“Inspired by the Camino de Santiago, Joby Talbot’s Path of Miracles is a mesmerising journey in sound that mirrors the pilgrim’s progress.”
It’s all about place. I don’t think I’ve ever seen a concert that was so much about place, and about movement in time. This was a concert about people and their interactions with places along this famous pilgrims’ path through time. We hear so much about place as a powerful force in art, architecture and even food, but in music this idea seems only occasionally to be regarded as important. With this piece, the idea of place has been the central concern of its creation and this performance.
The concert began with three items from The Red Book of Montserrat, having their origins in medieval popular song and dance, later re-set with religious texts by the monks of Montserrat. These contrasting pieces set both the narrative of the concert: pilgrimage, and gave further depth to our grasp of the musical style references in the main work of the day – Joby Talbot’s Path of Miracles.
Though in four movements, the work itself is massive, and contains so many approaches to setting of text that in some ways it reflects the long history of the pilgrimages. Some movements showed linear development, some sat in self contained planes, making time stand still. One movement made me think of how Wagner makes us wait for a cadence until the effect of its arrival is monumental. The musical languages Talbot references are wide, and yet this is highly original work. Sometimes the text is set in such a way that it is the opposite of declamatory – as though the musical choices made are more a meditation on the content than an effort to project it directly to the listener.
The text itself was partly written, partly curated from older writing using extracts from the 12th century Codex Calixtinus – by Robert Dickinson. This text gave a wonderfully varied reflection of interactions, descriptions and customs – a combination of the very human and the more religious aspects of the path. It was fascinating at times to follow the text in the program, but at others to close the eyes and just bathe in the sounds. This was a powerful journey indeed.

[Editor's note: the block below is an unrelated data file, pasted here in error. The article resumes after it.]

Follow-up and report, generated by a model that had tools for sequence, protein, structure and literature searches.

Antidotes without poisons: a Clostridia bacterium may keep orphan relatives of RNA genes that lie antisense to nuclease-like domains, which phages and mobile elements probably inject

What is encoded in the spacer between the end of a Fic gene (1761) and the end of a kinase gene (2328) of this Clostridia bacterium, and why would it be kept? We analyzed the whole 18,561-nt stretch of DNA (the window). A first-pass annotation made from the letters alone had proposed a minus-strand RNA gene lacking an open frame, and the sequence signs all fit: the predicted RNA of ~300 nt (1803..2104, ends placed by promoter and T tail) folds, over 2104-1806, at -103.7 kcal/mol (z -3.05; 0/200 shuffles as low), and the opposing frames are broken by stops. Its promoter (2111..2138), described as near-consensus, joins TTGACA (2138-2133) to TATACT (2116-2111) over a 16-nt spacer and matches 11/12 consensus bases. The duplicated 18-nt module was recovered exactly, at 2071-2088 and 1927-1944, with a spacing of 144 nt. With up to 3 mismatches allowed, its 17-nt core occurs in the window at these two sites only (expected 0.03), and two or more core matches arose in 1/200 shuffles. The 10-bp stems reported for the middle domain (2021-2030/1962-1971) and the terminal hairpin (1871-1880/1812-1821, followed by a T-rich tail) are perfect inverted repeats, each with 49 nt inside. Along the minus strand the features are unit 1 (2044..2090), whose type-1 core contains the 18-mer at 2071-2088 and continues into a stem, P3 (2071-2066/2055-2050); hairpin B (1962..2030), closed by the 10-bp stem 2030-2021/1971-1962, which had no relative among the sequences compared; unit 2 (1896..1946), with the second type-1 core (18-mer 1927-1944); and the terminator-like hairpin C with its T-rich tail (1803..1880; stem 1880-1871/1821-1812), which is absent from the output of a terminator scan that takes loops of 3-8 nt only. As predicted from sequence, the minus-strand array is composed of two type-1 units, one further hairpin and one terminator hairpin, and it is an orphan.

Concepts of harmony swirled and changed throughout, reflecting on the changes through cultures and history. The work was presented using a range of positions within the quite atmospheric environment of Carlton’s Sacred Heart church; it is quite easy to imagine oneself somewhere in southern Europe in this place, if not exactly Northern Spain. This took full advantage of the acoustical possibilities of the space, as well as some splendid effects in procession.
Path of Miracles is also extremely demanding on the performers – though there are at times up to seventeen independent parts, the challenges were taken with relish by this extraordinary vocal ensemble. Largely a cappella, the textures were peppered at times with an ecstatic range of bells, the appealingly open air sound of the chalumeau, and the percussive drive of the bodhrán, played by director Andrew Raiskums. This performance was a tribute to both vision and considerable musicianship all round.
This was a very strong performance of a fascinating work – a work that asserts itself as event. It delivered what no recording can – an immersion in a journey of faith, hope and gritty truth through a unique performance in a particular space. I suspect that this element was not lost on its audience. The program notes were an excellent adjunct.
This was indeed a most fitting twenty-fifth anniversary celebration of Melbourne’s wonderful Gloriana Chamber Choir, combining its interests in early music with this startling and dramatic contemporary work. I found the whole both highly stimulating and satisfying.
Peter Hurley reviewed “Path of Miracles” presented by Gloriana Chamber Choir at Sacred Heart Church Carlton on June 16, 2019.